Peloton is expanding its rental program nationwide a day after two of its cofounders stepped down

Peloton is expanding its rental program nationwide a day after two of its cofounders stepped down
John Smith/VIEWpress
  • Peloton announced Tuesday it's expanding its bike rental program nationwide.
  • Customers can rent the Peloton Bike and get access to classes for $89 per month plus a $150 set-up fee.

Peloton is making its bike rental program available nationwide.

The company announced Tuesday that it's expanding the offering, which hit several test markets earlier this year.

Renting the Peloton Bike will cost customers $89 per month, along with a one-time fee of $150 to set it up. For the Peloton Bike+, the cost is $119 per month plus the $150 one-time set-up fee. Riders can cancel their rental at any time with free returns.

Renters who decide they want to keep their bikes can buy them, with the price depending on how long they've had the bike. After one year of renting, the Peloton Bike would cost $895, and the Bike+ would be $1,595. Those who buy their bikes after renting will then pay $44 per month for an all-access membership.

Either new or refurbished bikes may be provided as rentals, with the company noting that secondhand bikes may have "minor cosmetic damage" but are "thoroughly inspected, repaired, and tested to ensure they pass our quality inspection."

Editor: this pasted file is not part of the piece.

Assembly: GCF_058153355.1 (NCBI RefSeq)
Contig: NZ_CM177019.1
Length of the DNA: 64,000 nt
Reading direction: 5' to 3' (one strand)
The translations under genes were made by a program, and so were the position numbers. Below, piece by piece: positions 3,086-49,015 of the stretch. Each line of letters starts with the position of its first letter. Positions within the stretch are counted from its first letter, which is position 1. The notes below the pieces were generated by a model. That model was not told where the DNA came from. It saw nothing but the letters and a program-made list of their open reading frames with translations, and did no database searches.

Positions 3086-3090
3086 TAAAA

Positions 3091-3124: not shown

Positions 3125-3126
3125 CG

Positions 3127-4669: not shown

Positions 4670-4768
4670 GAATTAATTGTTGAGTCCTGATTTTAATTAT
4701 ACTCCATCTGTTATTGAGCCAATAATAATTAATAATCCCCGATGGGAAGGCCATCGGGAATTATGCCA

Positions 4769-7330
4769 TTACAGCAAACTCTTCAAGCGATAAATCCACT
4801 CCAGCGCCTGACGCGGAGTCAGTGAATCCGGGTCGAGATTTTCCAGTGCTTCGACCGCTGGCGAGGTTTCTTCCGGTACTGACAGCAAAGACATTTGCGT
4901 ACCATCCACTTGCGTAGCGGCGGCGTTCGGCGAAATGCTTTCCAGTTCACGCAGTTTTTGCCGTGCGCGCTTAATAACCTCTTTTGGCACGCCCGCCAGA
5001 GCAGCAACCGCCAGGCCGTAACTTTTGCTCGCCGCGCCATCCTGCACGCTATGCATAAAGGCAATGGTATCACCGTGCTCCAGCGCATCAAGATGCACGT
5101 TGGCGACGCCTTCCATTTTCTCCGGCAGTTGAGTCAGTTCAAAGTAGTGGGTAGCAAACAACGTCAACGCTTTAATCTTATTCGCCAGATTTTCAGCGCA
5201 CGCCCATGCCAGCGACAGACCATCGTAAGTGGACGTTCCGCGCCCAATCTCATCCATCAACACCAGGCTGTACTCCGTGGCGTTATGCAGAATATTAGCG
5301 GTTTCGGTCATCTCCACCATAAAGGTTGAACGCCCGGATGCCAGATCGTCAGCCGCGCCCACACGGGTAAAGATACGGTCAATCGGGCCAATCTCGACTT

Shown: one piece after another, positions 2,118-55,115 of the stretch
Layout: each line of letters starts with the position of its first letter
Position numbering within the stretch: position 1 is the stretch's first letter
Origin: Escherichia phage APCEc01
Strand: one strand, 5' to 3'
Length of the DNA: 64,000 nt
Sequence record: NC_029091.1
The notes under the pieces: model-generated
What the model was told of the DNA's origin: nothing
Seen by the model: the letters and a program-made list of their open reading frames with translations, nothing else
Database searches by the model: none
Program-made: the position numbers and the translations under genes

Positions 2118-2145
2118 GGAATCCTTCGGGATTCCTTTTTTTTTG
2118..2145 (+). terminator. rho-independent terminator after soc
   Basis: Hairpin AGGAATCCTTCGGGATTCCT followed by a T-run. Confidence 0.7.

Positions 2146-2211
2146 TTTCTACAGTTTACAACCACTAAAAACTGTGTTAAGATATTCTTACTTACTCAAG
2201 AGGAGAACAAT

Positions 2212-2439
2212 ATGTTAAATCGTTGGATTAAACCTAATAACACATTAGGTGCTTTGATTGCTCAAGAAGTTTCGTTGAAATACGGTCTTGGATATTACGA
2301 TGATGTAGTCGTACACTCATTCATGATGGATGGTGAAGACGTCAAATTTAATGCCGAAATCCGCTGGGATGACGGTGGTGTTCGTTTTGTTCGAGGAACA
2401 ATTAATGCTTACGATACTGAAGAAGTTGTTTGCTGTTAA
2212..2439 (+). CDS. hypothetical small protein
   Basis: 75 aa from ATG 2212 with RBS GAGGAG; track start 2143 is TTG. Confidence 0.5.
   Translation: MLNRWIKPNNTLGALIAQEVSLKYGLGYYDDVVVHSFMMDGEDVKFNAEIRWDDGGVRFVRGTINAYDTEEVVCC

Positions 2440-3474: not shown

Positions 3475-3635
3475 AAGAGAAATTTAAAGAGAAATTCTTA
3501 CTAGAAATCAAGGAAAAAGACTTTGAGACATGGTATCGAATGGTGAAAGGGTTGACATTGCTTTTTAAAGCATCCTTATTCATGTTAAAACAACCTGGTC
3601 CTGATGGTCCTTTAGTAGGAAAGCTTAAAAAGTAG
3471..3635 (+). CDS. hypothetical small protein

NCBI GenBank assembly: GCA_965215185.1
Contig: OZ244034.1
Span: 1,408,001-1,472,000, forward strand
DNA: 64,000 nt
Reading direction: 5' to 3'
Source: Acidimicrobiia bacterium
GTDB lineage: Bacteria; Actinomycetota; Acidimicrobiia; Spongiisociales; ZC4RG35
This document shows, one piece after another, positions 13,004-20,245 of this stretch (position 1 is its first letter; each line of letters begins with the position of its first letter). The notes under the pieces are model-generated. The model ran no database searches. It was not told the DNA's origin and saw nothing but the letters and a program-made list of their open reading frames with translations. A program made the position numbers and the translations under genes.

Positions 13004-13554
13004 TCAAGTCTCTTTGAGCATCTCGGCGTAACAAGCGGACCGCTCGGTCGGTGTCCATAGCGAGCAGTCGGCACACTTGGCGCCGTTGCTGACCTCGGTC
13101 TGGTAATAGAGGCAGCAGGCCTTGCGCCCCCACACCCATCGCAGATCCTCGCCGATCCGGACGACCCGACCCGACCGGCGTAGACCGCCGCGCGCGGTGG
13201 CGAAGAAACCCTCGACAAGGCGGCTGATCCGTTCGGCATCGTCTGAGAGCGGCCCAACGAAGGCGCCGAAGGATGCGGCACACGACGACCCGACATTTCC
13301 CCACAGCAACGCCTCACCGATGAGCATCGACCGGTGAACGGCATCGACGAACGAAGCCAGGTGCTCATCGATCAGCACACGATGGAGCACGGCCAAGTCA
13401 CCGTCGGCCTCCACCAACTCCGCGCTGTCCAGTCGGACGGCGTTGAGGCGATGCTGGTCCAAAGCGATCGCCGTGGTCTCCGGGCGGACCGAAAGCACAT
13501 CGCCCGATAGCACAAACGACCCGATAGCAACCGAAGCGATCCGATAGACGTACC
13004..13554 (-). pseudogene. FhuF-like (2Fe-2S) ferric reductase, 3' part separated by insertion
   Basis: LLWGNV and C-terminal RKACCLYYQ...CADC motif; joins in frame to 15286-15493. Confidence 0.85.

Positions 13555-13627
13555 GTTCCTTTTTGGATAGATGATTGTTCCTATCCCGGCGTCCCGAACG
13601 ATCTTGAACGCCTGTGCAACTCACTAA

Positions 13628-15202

The program represents Peloton's effort to revitalize its struggling business by attracting new customers with a cheaper, lower-commitment option.

News of the expansion comes a day after Peloton announced John Foley, its former CEO and one of the company's cofounders, has stepped down as executive chairman. Another cofounder, Hisao Kushi, also stepped down Monday.

Peloton has faced a number of challenges in the last year. In January, the company paused production of bikes and treadmills after seeing a "significant reduction" in demand. A month later, Peloton scrapped plans to build its own $400 million factory in Ohio. At the same time, Foley stepped down as CEO and was replaced by Barry McCarthy. The company slashed 2,800 jobs in February and cut another 800 in August.

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